Customising Node-Red Dashboard Buttons

Old buttons

This entry is about creating custom buttons for Node-Red Dashboard. If you’re looking in for the first time – this simple cyan rectangle on the right is what Node-Red Dashboard buttons currently look like. Without some effort, the cyan background colour can be changed as can the text colour but that’s about it. And when you press on them, there is some marginal change but not very distinctive.

New buttons

If you read the previous article on buttons you will know that things are much better now thanks to the use of templates – and that using a template for a button, you can achieve the same functionality but with better colouring and shaping options – rounded corners for example. Of course, having played with this for a few days, the novelty of coloured buttons on my Node-Red Dashboard soon faded and I yearned for something a little more modern.

Ignore the knobs – they belong to another blog entry – the three buttons on the top – the rightmost one (blue) is as we have up to now – it is blue and when pressed flashes yellow. It also vibrates on a mobile phone – all of that was discussed in a previous entry. The two on the left however are new and use background images. They still flash when pressed, they still vibrate – but the image is up to you – the images you see on these were not made to any particular size – maybe 50mm square – in PowerPoint (without the text) and saved as PNG images. The pattern is a bog-standard PowerPoint gradient so lots of nice colours already done for you – just right-click save the rectangle from PowerPoint or wherever.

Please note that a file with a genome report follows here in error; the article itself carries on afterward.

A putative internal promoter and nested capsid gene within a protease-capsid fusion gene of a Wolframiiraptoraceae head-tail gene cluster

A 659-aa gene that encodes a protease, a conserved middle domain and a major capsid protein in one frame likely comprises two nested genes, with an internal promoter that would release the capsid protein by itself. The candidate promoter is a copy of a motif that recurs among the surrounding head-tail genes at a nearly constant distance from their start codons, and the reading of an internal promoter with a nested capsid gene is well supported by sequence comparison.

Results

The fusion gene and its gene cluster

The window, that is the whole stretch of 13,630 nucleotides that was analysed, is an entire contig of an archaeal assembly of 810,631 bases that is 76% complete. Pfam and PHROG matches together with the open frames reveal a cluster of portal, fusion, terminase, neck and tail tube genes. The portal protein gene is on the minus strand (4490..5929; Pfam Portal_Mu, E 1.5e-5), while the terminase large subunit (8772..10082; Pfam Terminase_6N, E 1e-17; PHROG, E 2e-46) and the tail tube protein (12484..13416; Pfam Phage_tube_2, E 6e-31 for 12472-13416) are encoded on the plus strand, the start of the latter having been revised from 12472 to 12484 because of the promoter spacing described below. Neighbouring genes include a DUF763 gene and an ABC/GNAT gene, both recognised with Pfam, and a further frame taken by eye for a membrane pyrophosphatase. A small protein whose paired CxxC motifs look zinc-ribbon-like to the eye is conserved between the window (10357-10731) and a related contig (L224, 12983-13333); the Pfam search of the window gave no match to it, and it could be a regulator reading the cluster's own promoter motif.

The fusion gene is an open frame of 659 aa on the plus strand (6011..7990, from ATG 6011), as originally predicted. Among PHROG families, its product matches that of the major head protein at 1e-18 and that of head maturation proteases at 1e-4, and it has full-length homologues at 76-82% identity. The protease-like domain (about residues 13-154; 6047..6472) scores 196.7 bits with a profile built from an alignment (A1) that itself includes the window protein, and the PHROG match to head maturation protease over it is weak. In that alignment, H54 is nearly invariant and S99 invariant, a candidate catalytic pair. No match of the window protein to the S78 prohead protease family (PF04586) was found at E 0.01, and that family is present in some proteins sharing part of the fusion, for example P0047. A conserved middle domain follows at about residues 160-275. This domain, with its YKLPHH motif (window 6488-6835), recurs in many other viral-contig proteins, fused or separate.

The trick to maintaining compatibility then when pressing a button is to store away whatever the background colour AND image is, do the button press stuff then restore both the background image and colour. This works a treat.

I would have LIKED to do the background image definition as a CLASS but for some reason that would not work – so it is a style – if anyone can correct this I’d much rather add class “greenish” to the button than a style.

Here is my styling that goes into a template all on it’s own – and an example button which again goes into a template:

 .filled { height: 100% !important; padding: 0 !important; margin: 0 !important; } .nr-dashboard-template { padding: 0; margin: 0; overflow-x: hidden; overflow-y: hidden; } .rounded { border-radius: 20% 20% 20% 20%; } .round { border-radius: 100% 100% 100% 100%; } .bigfont { font-size: 18px; } .smallfont { font-size: 12px; } 
 $('.vibrate').on('click', function() { navigator.vibrate(100); }); function restore_bg(x,y) { $(this).css("background-color", x); $(this).css("background-image", y); }; $('.touched').on('mousedown', function() { var x= $(this).css("background-color"); var y= $(this).css("background-image"); $(this).css("background-image", ""); $(this).css("background-color", "yellow"); setTimeout(restore_bg.bind(this,x,y),200); navigator.vibrate(80); }); 

And a button – if you want roundish use class “rounded” – if you want round use class “round”.

  class="alerted filled touched bigfont rounded vibrate"
style="background-image: url('/myimages/orangeish.png'); background-size: 100% 100%; background-repeat: no-repeat;" ng-click="send({payload: 'Red Button'})"> 


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